On a bright January morning, my father’s usually chipper voice was subdued. “It’s cancer, stage 4, and it’s bad,” he whispered. I stood in my office and tried to process the news that the stroke he’d had a month before had resulted in the discovery that my father’s time on earth was now finite.
I grasped the phone, took a huge breath in, and said in a quiet voice, “Now what?” Because my parents lived out of state, the next few weeks were a flurry of phone calls, tearful FaceTime meetings and late night research to learn everything I could about my dad’s cancer. Overnight, I’d officially become a member of the “sandwich generation” without even trying: I was caring for both my small children and a dying father all at once. It was a terrible time.
In the days and weeks following a parent’s terminal diagnosis, the roller coaster of emotions is exhausting. The fear, the shock, and even the anger can be overwhelming. And when you are in the throes of raising children and managing carpool, the unbelievable news that one of your parents is dying throws your entire world off its axis. You spend your days worrying about your parent as you try not to completely lose your shit in the grocery store. Play dates seem insignificant and your laundry pile goes to hell.
As I wandered through those first few weeks after hearing the word “cancer” out of my dad’s mouth, I wondered how I’d ever survive losing him. I learned a lot along the way as I watched my father brave painful treatments, devastating setbacks, and harsh realities.
1. Your parent isn’t dying today so try not to panic.
As soon as I heard the word cancer, I immediately assumed the worst. I had an overwhelming dread float over me and I was convinced my father would die before the end of that fateful call. But the truth is that though he was given the excruciating terminal diagnosis, he had a lot more living to do.
Sure, his final days were spent in infusion centers, doctor’s offices, and hospitals, but he also had 10 more months of phone calls, visits with his grandkids, and trips with my mother. “It ain’t over until it’s over,” he used to say.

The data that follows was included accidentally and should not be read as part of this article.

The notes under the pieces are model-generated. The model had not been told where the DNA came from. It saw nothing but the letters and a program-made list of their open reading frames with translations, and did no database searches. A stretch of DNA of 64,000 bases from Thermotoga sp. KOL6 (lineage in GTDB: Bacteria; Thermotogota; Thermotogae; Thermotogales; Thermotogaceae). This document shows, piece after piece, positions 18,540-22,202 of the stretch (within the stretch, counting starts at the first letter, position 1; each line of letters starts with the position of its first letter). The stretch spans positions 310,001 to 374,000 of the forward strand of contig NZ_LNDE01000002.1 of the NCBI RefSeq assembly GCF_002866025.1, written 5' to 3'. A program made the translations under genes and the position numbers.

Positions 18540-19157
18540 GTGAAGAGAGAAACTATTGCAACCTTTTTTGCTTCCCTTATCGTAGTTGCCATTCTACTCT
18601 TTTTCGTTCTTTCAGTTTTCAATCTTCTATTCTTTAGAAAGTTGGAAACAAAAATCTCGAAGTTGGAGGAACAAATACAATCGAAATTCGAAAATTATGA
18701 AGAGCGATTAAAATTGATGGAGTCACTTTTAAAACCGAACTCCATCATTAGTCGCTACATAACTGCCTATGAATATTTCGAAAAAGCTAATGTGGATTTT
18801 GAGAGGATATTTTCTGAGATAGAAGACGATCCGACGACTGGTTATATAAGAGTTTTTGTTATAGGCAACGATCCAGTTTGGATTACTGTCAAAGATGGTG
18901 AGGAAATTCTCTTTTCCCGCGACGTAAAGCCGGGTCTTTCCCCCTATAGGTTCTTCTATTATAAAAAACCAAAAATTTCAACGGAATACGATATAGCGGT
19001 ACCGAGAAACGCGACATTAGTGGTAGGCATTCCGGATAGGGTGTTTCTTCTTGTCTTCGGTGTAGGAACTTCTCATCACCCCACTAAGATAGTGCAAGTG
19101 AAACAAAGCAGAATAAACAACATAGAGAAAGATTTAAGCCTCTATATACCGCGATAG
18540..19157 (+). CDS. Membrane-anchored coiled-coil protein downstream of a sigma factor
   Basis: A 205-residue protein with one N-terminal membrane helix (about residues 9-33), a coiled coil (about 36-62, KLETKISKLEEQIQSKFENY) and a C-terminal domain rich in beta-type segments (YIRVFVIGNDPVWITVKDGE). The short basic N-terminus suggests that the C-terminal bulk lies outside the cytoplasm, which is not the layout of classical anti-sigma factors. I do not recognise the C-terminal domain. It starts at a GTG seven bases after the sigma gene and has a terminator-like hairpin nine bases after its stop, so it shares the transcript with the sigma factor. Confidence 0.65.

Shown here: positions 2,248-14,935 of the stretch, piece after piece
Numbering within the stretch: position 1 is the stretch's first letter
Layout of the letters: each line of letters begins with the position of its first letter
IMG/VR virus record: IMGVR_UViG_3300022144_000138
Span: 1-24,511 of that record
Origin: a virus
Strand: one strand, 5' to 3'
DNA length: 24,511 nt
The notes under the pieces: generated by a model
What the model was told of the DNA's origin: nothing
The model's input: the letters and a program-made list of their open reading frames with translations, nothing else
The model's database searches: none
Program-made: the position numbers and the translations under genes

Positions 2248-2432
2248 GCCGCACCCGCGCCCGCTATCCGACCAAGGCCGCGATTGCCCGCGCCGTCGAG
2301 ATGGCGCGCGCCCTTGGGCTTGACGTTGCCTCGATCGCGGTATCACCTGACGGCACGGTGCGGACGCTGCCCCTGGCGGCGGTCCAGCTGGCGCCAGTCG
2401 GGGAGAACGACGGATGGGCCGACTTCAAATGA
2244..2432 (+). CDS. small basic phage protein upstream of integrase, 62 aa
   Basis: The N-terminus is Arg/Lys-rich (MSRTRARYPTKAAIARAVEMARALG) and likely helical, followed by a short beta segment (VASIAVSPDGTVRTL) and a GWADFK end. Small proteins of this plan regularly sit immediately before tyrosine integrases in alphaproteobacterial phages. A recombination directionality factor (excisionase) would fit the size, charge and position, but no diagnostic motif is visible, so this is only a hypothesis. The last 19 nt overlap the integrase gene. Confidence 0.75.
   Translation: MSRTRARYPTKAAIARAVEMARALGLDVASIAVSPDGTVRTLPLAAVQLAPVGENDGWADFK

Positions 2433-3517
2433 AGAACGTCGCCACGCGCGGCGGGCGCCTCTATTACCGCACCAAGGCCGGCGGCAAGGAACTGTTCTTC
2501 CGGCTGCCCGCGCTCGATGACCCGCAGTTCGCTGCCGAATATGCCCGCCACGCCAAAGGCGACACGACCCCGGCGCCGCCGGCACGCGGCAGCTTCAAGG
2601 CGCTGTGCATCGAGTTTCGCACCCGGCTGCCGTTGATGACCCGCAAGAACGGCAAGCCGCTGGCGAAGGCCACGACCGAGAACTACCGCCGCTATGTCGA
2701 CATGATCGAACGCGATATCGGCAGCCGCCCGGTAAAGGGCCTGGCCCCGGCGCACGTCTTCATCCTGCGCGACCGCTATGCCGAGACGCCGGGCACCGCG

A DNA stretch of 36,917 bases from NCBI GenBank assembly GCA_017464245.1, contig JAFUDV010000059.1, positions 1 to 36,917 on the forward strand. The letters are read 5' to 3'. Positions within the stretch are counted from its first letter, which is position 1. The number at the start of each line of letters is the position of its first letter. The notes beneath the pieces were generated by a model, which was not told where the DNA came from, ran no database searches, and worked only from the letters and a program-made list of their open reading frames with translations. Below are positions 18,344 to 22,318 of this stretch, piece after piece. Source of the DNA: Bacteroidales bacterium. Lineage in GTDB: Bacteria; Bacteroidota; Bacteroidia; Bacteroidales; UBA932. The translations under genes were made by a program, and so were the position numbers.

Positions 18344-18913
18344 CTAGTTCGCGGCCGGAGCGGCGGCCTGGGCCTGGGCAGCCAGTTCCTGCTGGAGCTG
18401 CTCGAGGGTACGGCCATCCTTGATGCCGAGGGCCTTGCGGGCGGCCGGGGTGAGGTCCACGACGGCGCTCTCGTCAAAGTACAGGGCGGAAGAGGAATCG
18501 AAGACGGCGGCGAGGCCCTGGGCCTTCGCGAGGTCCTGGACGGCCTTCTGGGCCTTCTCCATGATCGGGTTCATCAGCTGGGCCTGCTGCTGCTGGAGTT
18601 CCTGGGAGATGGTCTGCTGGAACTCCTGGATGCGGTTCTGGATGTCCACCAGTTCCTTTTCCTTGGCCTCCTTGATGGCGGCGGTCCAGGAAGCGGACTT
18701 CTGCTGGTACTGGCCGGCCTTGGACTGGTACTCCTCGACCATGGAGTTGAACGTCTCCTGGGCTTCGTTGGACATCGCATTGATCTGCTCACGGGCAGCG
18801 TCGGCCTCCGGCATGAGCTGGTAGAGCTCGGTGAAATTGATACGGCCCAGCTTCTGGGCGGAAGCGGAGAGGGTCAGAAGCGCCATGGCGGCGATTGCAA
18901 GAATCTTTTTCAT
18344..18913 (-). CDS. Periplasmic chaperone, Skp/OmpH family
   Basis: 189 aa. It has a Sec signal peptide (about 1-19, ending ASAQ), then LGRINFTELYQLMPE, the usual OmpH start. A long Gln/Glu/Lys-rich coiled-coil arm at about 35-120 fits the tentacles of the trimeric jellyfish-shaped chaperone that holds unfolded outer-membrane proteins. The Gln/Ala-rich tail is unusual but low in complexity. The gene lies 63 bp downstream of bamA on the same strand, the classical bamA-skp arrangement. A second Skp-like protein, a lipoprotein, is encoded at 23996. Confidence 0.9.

Your parent may be terminally ill but, in the immortal words of Monty Python, they aren’t dead yet so cherish the time you do have — even if it’s when you are quietly holding hands in a doctor’s office waiting for results.
2. It’s a marathon, not a sprint.
Though the first few days and weeks after a terminal diagnosis seem urgent and hurried, the fact is your parent is in for a long haul. Pace yourself because you will need strength in the coming months.
It’s okay if you don’t know every lab value or the result of the latest scan immediately. Let yourself off the hook and remind yourself that you don’t need to handle every tiny detail of your parent’s illness alone.
And it’s okay to take a “cancer break” once in a while. Get a pedicure, go for a run, or do something kind for yourself as you grieve and prepare for the inevitable.
3. Let your parent be the parent.
When my father was first diagnosed, my nurse training sent me into action. I wanted to do something, anything, that made me feel less helpless. I wanted to coordinate appointments, consult with every specialist, and be a part of every decision because it made me feel in control.
But after a few months, my father reminded me that I wasn’t the parent. He urged me to let him bear the worry and fear and helped me see that it was okay to let him father me through my fears.
Even at the very end, your parent wants to protect your from the inevitable pain of loss and grieving. Allow yourself to be parented, even when you feel out of control. You’ll miss that support when it’s gone.
4. Chemotherapy is important, even if your parent is terminal.
When I heard the words “Stage 4,” I immediately knew my father’s chances at survival were slim. And, again, as a nurse, I wanted to protect him from the grueling rigors of a chemotherapy regimen. I’d seen too many patients become frail and sickly and I wanted my father’s last days to be the best they could be.
But as his kindly oncologist pointed out to me, research shows that cancer patients die more peacefully at the end of their journeys if they’ve at least tried to fight with medications and therapies. And, as he pointedly told me, it’s easier for the family to let go at the end when you know your loved one has fought the good fight.
Chemotherapy isn’t always about the cure. Sometimes, it helps the family find extra time to say those very important goodbyes.
5. It’s okay to say out loud that you are scared shitless.
The 10 months that my father battled esophageal cancer were among the scariest of my life. The constant unknown and the jolt I felt every time my mother’s name appeared on my phone made me feel scared every minute of every day.
At first, I tried to bottle up my fear and compartmentalize the anxiety, but I quickly realized that if I had any hope of being strong for my father, I had to admit out loud that I was scared shitless.
Tell your friends and close family that you are terrified and ask for help. They will rally around you and lift you up in ways you’ll never expect, trust me.
Ultimately, my father lost his battle with cancer and not a day goes by that I don’t wish I’d savored those last precious months with him more than I did. But if he was here, he’d roll his eyes and tell me to quit wallowing and get on with my life. He’d smile, tell me everything was going to be okay and ask me to turn on Jeopardy. Because that’s just what parents do for their kids.